TRAPPIST-1 Star System Revisited

TRAPPIST-1 Planet Lineup - NASA
TRAPPIST-1 Planet Lineup – NASA Illustration

We commented in a previous post about extra-solar planets (planets orbiting other stars), and whether those planets could have life on them. The media seem to convey the idea that there are hundreds of “earths” all containing life-forms similar to us. They suggest that if there are many Earth-like planets with life on them, then that indicates that Earth and the life on it came about by chance processes. In February, NASA called a special news conference to announce that they had found a star they call TRAPPIST-1 which had seven Earth-sized planets orbiting it in the “Goldilocks Zone.” The Goldilocks Zone is the area where water could exist in the liquid state. Many media sources were quick to announce that NASA had found seven planets that were “Earth twins” and almost surely would be inhabited.

Let us emphasize again that finding life in space is not an issue of whether God exists. If scientists find life in space, it will have been created by God and will have a purpose in existing. This particular find, however, is just another example of how quickly and irresponsibly the media will jump to promote an agenda that will sell. As more data has become available, it is becoming increasingly obvious that this seven-planet system is not an ideal place for life. In fact, any life form that happened to be there would be destroyed by the properties of the system.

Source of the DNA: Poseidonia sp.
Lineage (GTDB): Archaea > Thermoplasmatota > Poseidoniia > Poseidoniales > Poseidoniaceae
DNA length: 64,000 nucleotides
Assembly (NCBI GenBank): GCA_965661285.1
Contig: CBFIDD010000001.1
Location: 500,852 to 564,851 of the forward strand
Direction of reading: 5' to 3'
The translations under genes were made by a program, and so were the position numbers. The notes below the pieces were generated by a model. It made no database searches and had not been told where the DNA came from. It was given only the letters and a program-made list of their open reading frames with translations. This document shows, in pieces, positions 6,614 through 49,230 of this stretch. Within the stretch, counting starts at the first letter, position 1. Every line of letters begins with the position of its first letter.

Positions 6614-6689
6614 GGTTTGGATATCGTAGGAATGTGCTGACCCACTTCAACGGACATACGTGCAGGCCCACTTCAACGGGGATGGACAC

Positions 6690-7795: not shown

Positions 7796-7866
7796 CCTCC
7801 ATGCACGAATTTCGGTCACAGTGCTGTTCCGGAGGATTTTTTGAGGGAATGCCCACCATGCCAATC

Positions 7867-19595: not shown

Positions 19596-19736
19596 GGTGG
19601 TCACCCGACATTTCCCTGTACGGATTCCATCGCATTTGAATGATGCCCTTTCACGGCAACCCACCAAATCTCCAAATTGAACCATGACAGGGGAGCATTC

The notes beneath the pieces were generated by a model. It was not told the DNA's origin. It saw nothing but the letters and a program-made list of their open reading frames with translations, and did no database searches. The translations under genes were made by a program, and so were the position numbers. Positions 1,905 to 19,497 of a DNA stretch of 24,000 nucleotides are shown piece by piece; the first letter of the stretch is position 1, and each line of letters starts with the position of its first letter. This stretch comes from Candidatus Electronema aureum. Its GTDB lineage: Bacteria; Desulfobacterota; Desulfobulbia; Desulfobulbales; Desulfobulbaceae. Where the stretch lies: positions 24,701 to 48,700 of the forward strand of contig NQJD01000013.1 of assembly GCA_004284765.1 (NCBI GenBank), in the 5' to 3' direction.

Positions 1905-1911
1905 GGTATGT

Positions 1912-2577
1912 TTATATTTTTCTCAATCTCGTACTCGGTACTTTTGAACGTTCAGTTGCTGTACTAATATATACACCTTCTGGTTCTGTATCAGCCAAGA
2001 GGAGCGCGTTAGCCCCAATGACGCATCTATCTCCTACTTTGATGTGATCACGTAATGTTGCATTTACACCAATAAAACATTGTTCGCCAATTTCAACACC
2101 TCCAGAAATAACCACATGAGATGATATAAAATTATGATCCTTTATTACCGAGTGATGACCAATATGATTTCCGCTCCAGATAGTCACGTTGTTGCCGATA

TRAPPIST-1, the star that serves as the “sun,” is a very cool dwarf star. That means it gives off a very limited spectrum of light. The critical wavelengths required for photosynthesis and chemosynthesis are simply not present. The masses of these planets range from .4 to 1.4 times the mass of Earth. That means the smaller planets will almost surely not have an atmosphere since they are smaller than Mars. The length of time for the planets to orbit their star varies from 1.5 days to 20 days. That makes a very short year. They are all less than 6 million miles from their parent star. That means all activity on the star would likely be lethal to life-forms on the planets. For a comparison, Mercury, the planet closest to our Sun is separated from it by 36.8 million miles. Earth is 93 million miles from the Sun.

God may have prepared other Earth-like planets, and they may have even been equipped with life. The point is that it is easy to see our planet’s uniqueness, design, and careful planning. We haven’t yet found anyplace like it in other star systems.
Data from Astronomy, July 2017, page 8.
–John N. Clayton © 2017